Outbreak of mumps reaches Midwest region

Illustrations by Adam Fast and T.J. Gerlach

Illustrations by Adam Fast and T.J. Gerlach

John Carr

Mumps is approaching the largest level in nearly 20 years.

Zeta Tau Alpha has already had a mumps scare.

“My sorority had a traveling consultant come visit,” said Carolyn White, junior biology major. “The day she left, she received a phone call from the president of the Zeta Tau Alpha Chapter at the University of Iowa. She was informed that the president had the mumps.”

White said she spent a large amount of time with the sorority consultant.

“I was exposed, along with some of my friends and my boyfriend Bob,” she said. “If it had spread from her to us, we have already spread it to all our classes.”

White said she has experienced no symptoms since the visit several weeks ago.

Another student, Sarah Jones, was also worried she may have been exposed.

“I was hungry,” said Sarah Jones, sophomore secondary theater education major. “All my friends are in Zeta, so I tagged along to Panera on a Sunday afternoon. It was there that I met the Zeta consultant. While we were in line, we were talking about a new drink. She bought and we shared it.”

The news of mumps came as a shock.

“I was horrified to find out she might have been exposed to the mumps,” she said.

The outbreak began in Iowa, with more than 800 infected there. It has predominately affected college students of whom most have been vaccinated. The Centers for Disease Control and Prevention is tracing the origin of the virus, but is more concerned with containing it.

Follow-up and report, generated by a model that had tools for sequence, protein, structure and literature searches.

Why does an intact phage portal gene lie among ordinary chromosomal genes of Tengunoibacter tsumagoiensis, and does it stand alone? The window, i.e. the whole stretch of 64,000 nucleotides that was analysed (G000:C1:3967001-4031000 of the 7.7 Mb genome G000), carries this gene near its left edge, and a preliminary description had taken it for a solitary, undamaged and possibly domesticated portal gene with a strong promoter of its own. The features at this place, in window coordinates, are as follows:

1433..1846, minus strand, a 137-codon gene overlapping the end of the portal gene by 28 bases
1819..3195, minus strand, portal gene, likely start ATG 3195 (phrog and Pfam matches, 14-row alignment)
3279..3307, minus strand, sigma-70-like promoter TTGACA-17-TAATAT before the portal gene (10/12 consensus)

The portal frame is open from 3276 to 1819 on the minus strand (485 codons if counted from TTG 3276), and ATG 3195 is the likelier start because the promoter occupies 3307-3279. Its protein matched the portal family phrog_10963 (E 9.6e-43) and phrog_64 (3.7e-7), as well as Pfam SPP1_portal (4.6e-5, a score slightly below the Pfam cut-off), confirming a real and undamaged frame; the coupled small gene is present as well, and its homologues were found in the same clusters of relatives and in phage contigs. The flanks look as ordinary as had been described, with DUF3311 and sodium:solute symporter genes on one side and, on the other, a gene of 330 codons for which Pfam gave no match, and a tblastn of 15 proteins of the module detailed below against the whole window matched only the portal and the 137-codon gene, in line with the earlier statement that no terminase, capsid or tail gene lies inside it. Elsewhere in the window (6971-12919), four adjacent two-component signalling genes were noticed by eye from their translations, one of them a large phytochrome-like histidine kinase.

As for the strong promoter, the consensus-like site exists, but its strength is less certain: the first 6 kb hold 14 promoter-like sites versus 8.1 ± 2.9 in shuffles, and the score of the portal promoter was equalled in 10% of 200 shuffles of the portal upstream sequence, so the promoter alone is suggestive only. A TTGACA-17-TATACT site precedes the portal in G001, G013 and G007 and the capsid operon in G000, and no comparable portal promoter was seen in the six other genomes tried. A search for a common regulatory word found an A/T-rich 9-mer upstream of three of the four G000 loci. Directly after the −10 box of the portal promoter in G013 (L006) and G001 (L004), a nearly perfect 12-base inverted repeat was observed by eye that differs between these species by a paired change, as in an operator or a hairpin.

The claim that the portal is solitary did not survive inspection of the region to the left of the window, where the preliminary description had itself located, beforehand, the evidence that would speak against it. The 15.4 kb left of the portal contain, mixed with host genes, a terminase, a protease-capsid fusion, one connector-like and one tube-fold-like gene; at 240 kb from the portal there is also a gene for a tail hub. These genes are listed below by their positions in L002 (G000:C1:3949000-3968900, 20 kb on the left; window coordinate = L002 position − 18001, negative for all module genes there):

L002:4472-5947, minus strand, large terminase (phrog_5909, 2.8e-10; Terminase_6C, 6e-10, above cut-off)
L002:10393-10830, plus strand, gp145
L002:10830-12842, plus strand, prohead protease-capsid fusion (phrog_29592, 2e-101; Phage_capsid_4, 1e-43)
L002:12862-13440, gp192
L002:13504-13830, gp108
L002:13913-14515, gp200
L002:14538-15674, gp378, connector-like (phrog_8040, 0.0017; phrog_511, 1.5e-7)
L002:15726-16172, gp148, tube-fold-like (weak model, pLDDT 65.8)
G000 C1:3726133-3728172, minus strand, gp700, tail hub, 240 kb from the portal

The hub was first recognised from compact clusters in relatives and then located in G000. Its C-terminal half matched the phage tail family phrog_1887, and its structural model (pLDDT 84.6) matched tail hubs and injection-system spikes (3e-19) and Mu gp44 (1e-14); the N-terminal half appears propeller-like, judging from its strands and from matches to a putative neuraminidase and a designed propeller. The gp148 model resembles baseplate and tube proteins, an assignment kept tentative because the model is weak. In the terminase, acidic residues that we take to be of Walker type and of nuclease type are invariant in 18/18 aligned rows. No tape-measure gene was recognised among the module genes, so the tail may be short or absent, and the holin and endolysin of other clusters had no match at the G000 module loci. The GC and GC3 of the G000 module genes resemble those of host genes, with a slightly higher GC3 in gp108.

Affecting eight Midwest states, the virus has been as far south as Kansas City.

Jan Dipley, health service coordinator, advises students to ensure they have had two MMR (measles, mumps and rubella) vaccinations.

“Students have to have it,” she said. “It is given in Fresh Start to anyone who hasn’t had it.”

Dipley said it is difficult to prevent exposure; however, immunizations are key to fighting the virus.

Students should ensure they have had both vaccinations and ensure their shot records are in the Health Clinic in Kuhn Hall.

Dipley warned if an outbreak happens on campus, any student who does not have this record, will not be allowed to attend classes.

Although infants receive vaccinations, about 10 percent of the population is susceptible to the virus.

The mumps is transmitted person to person with an average incubation period of 18 days. Students are advised to seek healthcare attention is symptoms occur.

Students should watch out for symptoms and in the meantime, check to ensure they have school shot records in Kuhn Hall.